Australian laser fusion company signs research agreement with Spanish lab

Dr Warren McKenzie, HB11 Energy founder and managing director

Australia’s first laser fusion energy company, HB11 Energy, has signed a bilateral agreement with the University of Salamanca (USAL) and the Spanish Pulsed Lasers Centre (CLPU) to develop hydrogen-boron fusion technology in both countries.

The agreement will give HB11 Energy access to Spain’s most powerful, petawatt-class laser, operated by CLPU. (A petawatt is a quadrillion watts: the US consumes about 4 petawatt-hours per year).

That laser uses similar technology to the US-based Livermore National Ignition Facility (NIF), which made headlines in December last year after achieving a net gain of energy in a fusion reaction for the first time.

Access to CLPU’s laser is crucial for the company because Australia currently lacks the type of laser – an intensely powerful, short-pulse variety – required for the fusion reaction.

HB11 has achieved other significant milestones in its pursuit of a homegrown nuclear fusion breakthrough, including a $560,000 ARC Linkage grant towards the development of a total $1.76 million hydrogen-boron laser fusion project hosted at UNSW. That project will work with collaborators from Macquarie University, the University of Bordeaux, and CLPU.

What is fusion?

Fusion is the process that powers stars like our Sun, and it produces far more energy than nuclear fission (a reaction in which atomic nuclei are split, and which currently powers all commercial nuclear power plants).

Nuclear fusion – in which two or more atomic nuclei are combined – can result in the release of a massive pulse of energy, provided the atomic nuclei produced are lighter than iron-56 or nickel-62.

Hydrogen-boron fusion, the type HB11 Energy are hoping to finesse, also produces no long-term radioactive waste, and fusion reactions in general bear no risk of chain reactions or meltdown.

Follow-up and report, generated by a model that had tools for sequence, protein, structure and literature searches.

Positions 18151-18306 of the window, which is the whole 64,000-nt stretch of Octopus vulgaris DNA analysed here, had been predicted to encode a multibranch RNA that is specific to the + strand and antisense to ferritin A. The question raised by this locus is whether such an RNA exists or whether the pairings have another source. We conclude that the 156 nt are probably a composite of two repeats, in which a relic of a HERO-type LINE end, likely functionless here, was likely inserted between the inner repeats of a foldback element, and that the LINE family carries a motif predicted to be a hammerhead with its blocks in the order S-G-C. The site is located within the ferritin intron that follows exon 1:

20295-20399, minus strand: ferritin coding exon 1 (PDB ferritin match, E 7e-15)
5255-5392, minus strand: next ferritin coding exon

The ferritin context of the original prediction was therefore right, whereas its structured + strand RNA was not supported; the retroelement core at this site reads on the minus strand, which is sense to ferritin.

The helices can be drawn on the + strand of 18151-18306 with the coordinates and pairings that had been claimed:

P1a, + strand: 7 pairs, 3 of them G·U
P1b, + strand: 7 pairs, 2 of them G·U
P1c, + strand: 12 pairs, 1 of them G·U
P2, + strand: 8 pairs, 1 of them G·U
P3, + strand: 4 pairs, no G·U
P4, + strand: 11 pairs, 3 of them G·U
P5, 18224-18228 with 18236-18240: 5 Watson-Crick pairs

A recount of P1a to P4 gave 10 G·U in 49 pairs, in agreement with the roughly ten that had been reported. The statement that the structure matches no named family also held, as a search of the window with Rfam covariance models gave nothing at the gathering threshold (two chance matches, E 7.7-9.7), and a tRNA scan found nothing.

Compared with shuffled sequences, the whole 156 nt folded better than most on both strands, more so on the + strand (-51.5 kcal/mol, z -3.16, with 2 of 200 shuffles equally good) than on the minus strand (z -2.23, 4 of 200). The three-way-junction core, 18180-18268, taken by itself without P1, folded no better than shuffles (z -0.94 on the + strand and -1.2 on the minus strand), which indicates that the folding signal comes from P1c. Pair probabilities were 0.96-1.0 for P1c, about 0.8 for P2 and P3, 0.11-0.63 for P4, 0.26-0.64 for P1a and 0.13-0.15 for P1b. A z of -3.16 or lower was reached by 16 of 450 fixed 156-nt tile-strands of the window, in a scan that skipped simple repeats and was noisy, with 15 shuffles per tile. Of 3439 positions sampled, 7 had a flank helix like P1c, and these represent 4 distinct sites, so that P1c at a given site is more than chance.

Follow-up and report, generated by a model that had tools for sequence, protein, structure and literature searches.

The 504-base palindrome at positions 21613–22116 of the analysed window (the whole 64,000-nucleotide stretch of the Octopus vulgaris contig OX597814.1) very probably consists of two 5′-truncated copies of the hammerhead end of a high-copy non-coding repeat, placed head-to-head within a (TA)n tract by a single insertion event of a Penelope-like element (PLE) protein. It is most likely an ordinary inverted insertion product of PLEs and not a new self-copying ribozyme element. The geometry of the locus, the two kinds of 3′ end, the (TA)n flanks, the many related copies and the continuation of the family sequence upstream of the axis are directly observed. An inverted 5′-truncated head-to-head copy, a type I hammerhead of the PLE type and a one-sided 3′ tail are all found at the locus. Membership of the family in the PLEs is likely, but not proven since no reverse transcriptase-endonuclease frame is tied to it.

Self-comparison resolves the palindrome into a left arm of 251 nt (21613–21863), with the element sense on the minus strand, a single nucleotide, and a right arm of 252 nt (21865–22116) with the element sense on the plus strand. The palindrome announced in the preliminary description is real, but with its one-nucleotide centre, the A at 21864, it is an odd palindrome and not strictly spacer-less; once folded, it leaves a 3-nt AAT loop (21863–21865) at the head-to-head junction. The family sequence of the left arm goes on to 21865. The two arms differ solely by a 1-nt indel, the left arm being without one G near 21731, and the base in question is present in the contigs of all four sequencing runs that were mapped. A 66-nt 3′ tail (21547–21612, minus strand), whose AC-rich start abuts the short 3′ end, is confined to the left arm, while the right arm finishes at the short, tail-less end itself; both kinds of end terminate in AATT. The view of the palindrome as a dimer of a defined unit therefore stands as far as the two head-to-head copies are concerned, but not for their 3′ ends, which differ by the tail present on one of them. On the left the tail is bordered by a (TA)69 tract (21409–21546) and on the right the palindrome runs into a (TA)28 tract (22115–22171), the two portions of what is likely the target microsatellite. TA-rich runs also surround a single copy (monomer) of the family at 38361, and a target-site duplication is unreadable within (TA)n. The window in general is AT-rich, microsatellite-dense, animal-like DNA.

Fusion has therefore been seen as the golden opportunity of nuclear power, offering the potential to produce far more energy, at far less expense, and with none of risk, nor the pesky waste to clear up afterwards.

Until now, though, fusion ignition has been notoriously tricky to pin down, with the reaction typically requiring more energy to ignite than it produces. Lasers like those at NIF and CLPU have brought scientists a step closer to realising the dream.

“Essentially it shoots out a very, very, very intense burst of light,” explains HB11 Energy’s founder and Managing Director Dr Warren McKenzie.

“And you can compress the light in distance or time so that the actual heat power of the pulse goes up very, very high, well into the petawatt range.”

In the hydrogen-boron fusion reaction, the laser beam hits a fuel pellet that contains high amounts of hydrogen and boron. The hydrogen and boron atoms smash into each other at suitably high speeds to fuse, creating three charged particles (helium atoms), laden with energy.

There’s an added benefit, according to McKenzie: “Unlike other forms of fossil fuel or nuclear energy, the energy contained in charged particles is much easier to collect,” he explains.